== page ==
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Rare Breeding Line to Develop Waxy Wheat Released / October 18, 1999 / News from the USDA Agricultural Research Service

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Rare Breeding Line to Develop Waxy Wheat Released

By Kathryn Barry Stelljes
October 18, 1999

Wheat breeders seeking to develop waxy wheat varieties now have greater access to a rare but necessary genetic component, with the release of Bai Huo germplasm. Bai Huo is an old, cultivated variety of Chinese wheat, known as a landrace.

No commercial waxy wheat varieties exist, but breeders--and the food industry--are intrigued. Normal wheat contains two types of starch molecules: amylose and amylopectin. Waxy wheat kernels contain no amylose. That makes the remaining starch perform differently.

Waxy wheat starch absorbs much more water, stays gooey after heating and cooling, and doesn’t lose water when frozen and thawed, according to ARS cereal chemist Craig Morris in Pullman, Wash.

No one is certain what food products might benefit from waxy wheat. But to explore the possibilities, Morris is working under a Cooperative Research and Development Agreement with a major food company.

ARS co-released Bai Huo along with Northwest Plant Breeding Co. of Pullman, Wash. Morris leads the ARS Western Wheat Quality Laboratory in Pullman.

Breeding waxy wheat is complicated because wheat has three sets of genetic material called A, B and D. In true waxy wheat, the gene that makes amylose fails to make a crucial enzyme. Several wheat lines have the faulty gene in the A and B sets. But only one naturally occurring form has ever been found where the D gene does not produce the enzyme. Japanese researchers isolated it--in Bai Huo--early in the decade.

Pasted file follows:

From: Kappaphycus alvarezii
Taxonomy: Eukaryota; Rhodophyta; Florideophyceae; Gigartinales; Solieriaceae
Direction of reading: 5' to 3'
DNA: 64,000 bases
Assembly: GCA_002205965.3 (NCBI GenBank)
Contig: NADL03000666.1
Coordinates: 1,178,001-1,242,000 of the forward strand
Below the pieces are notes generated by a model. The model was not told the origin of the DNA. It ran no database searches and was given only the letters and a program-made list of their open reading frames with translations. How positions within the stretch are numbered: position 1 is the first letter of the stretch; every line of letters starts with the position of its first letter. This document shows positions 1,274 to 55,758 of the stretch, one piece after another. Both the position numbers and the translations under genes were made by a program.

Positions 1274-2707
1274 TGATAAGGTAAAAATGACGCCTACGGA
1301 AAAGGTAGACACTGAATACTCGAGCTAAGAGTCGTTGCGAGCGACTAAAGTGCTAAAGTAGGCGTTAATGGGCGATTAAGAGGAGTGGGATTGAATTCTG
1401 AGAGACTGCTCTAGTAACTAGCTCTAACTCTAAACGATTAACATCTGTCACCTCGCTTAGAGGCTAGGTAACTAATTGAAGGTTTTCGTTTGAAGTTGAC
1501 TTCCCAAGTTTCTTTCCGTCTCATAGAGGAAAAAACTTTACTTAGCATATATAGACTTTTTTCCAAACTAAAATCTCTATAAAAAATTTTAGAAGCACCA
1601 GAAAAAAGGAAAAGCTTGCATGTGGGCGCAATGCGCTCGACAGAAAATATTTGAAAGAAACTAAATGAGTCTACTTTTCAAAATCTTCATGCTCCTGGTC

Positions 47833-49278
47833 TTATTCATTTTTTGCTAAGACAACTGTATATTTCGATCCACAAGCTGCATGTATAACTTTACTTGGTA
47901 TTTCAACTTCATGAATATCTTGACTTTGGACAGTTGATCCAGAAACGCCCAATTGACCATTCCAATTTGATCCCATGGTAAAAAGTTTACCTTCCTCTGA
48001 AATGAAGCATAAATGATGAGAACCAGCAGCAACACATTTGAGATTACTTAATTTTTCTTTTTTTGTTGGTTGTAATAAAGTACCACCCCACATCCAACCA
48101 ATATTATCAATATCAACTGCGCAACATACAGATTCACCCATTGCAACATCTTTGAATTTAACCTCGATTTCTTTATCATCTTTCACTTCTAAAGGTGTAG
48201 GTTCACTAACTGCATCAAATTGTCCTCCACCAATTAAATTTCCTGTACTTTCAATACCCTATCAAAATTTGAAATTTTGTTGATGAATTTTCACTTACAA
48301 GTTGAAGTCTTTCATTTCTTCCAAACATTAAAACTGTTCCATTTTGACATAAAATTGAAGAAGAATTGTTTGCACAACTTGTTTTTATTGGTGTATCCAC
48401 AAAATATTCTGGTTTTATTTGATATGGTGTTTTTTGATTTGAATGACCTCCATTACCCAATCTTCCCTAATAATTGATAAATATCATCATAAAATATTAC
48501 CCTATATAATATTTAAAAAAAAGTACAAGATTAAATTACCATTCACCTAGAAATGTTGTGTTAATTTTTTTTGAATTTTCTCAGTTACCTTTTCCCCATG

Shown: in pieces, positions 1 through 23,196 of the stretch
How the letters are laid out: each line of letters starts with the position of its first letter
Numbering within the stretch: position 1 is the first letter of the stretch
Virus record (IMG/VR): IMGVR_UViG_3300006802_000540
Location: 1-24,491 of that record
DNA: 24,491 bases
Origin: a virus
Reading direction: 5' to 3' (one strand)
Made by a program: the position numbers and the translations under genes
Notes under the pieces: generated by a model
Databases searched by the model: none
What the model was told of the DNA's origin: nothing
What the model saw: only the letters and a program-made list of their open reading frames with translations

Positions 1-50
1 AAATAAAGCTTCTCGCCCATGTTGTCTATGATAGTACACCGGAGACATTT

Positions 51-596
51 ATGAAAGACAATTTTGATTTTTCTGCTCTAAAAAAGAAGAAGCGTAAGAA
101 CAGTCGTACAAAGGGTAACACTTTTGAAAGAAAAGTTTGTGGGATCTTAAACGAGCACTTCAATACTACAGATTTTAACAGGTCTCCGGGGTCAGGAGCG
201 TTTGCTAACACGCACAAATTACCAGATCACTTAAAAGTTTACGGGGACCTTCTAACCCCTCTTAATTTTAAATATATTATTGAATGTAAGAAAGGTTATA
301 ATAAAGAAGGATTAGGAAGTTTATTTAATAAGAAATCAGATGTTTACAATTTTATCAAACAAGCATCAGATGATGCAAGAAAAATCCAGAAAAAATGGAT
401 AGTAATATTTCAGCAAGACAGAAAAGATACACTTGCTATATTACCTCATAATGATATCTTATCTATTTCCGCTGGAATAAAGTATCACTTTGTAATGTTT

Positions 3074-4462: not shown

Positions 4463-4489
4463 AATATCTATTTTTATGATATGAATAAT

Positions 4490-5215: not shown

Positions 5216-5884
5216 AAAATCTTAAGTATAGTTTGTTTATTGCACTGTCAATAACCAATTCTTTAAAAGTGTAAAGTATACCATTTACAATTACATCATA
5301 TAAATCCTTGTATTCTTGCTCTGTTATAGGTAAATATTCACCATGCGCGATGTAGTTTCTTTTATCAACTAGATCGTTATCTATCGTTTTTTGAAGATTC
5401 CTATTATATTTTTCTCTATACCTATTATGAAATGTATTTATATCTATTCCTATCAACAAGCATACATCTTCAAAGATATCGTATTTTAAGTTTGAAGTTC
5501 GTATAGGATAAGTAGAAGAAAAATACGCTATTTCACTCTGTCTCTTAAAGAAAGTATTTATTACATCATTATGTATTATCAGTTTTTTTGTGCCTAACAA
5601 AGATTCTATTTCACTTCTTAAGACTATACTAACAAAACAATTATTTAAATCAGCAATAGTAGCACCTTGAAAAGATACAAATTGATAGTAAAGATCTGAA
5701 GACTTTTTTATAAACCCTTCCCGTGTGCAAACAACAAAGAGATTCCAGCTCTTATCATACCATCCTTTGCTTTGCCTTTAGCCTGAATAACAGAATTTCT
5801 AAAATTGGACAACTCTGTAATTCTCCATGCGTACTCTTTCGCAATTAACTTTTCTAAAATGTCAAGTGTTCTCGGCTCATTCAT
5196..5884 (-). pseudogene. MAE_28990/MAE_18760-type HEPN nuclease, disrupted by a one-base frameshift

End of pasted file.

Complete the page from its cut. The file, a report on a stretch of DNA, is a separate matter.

But variation exists among Bai Huo wheat kernels. Unlike today’s varieties which were bred for genetic purity, landraces are typically genetically heterogenous.

For their germplasm release, scientists with ARS and Northwest Plant Breeding Co. identified the D waxy wheat gene in several individual Bai Huo kernels. They reproduced the plants in the lab and confirmed that each parent plant carries the form of the D gene that does not produce amylose. The germplasm will give wheat breeders a consistent and readily available source of this trait. Small quantities of seed are available to researchers from Morris.

ARS is the lead scientific agency for the U.S. Department of Agriculture.

Scientific contact: Craig Morris, ARS Western Wheat Quality Laboratory, Pullman, Wash., phone (509) 335-4055, fax (509) 335-8573, morrisc@wsu.edu.

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